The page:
Yannick Bovy keeps on swinging ...
... he’s got the world at his feet.
Over the last few years, big bands have been climbing to the top of the international charts again, with ease. That’s not so surprising: this long-standing style of dance music still swings like nothing else, and there are some excellent big bands around to make the jazzy feel accessible to everyone. Harry Connick Jr. flirts with it, Hugh Laurie is getting a taste for it. Paul Anka even made a comeback with it, for example with a swing version of ‘Smells Like Teen Spirit’ by Nirvana. Caro Emerald's swing jazz aimed higher than just the Low Countries, and the Canadian jazz singer Michael Bublé gave the big band format international status in the pop world.
Belgium has a noteworthy history of big bands too, with the crooner Yannick Bovy recently coming to the fore. Yannick was an only child whose grandparents fed him a musical diet of the Rat Pack (Frank Sinatra, Dean Martin and others); his grandma singing away in the kitchen remains one of his most cherished memories. His father was a musician, always taking his eager kid along to rehearsals and gigs.
So the music virus was never far away and, despite the fact that Bovy was more interested as a young man in the pop music of Jay Z or Justin Timberlake, swing numbers like Glen Miller’s ‘Chattanooga Choo Choo’ just kept on tempting him.
By 2010, after various musical peregrinations, Bovy was ready and willing to tackle the Great American Songbook. The future looks rosy. Classics like ‘I’ve Got You Under My Skin’ and a swing interpretation of ‘All My Loving’ (Beatles) were combined with his own numbers such as the successful debut single ‘She’s Even More Beautiful’ to create the debut album Better Man. The format turned out to be a winner, as the single ‘Theoretical Love’ became a radio hit in various Asian countries and he unexpectedly acquired star status in Indonesia, Malaysia, Hong Kong, Singapore and the Philippines. The number was also released closer to home in Poland, Sweden, Greece and elsewhere; Brazil fell for Bovy’s charms too. The cherry on the cake was when Lionel Ritchie asked him to be his support act, and he has also shared posters for jazz festivals with Amy Macdonald, Lisa Stansfield and Caro Emerald.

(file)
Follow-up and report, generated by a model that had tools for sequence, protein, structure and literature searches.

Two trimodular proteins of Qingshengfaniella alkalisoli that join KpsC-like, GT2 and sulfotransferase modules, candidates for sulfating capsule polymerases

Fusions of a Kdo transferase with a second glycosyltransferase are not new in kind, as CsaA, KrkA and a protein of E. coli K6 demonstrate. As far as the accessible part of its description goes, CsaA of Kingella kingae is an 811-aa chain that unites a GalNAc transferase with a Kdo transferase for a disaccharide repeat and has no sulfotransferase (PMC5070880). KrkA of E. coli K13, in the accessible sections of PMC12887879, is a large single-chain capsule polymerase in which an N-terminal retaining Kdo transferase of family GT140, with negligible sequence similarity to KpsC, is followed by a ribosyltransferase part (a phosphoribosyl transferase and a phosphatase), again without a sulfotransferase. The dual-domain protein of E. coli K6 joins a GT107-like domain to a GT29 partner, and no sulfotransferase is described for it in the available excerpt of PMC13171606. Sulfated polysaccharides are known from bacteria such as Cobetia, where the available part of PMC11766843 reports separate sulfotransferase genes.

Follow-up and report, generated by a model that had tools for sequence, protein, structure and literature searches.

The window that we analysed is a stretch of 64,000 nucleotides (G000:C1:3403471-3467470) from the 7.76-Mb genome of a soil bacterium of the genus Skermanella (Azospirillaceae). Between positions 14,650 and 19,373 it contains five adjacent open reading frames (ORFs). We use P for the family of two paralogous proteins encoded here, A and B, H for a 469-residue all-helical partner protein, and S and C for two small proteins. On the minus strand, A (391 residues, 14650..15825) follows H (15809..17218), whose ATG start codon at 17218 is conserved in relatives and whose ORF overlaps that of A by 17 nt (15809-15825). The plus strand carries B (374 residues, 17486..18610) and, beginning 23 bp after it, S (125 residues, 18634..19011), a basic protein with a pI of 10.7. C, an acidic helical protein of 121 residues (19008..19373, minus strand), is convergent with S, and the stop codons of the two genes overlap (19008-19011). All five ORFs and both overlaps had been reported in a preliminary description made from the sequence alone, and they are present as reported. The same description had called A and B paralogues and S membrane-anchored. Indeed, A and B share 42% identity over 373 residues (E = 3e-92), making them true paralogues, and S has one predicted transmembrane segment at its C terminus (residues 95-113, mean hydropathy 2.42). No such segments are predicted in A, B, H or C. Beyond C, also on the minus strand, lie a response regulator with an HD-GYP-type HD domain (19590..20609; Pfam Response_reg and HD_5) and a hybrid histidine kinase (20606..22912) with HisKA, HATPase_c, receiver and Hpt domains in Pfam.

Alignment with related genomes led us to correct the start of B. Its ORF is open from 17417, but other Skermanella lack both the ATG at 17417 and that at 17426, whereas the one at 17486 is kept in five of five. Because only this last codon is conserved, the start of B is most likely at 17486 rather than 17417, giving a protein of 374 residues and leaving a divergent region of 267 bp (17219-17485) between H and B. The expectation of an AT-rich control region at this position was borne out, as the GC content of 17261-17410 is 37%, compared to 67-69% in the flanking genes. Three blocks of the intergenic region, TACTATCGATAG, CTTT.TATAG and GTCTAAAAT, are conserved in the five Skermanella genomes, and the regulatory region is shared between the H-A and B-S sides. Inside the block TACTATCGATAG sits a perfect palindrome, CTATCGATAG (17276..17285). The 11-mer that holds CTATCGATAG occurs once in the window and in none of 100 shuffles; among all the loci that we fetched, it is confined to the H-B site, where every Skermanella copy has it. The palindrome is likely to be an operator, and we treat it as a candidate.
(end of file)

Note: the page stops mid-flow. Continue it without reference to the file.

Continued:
Yannick Bovy can be heard all over the world. Women and their daughters swoon over the smart-suited figure of Bovy, who can shake the hips or jazzily radiate gentlemanly romance, and at the same time pay light-hearted homage to films like The Godfather. Mothers, keep an eye on your daughters: as the title track of his debut album says, he is that ‘better man’ who is constantly working to improve - his voice is getting more depth, his emotions more subtle, his self-criticism tougher, his writing skills more forceful.
Bovy’s success abroad just keeps on growing and the time has come for him to take the first self-assured steps into that promising future.
Yannick Bovy breathes swing and you feel that even his pulse must have a cool rhythm. He has perfected his approach, and you won’t be surprised to hear that a second album is on its way, full of jazzy goodies. Audacious covers are combined with works of his own that he has, with no small measure of justifiable pride, given plenty of time to mature. He’s going to make his mark on the world, for sure. Let the good times roll!
“Bovy is one of Belgium's greatest new musical talents! Just imagine the women, the banter, the concerts, the handmade suits, the swimming pools and private jets - well, that’s the classic ‘handsome devil’ sound of Bovy’s music.”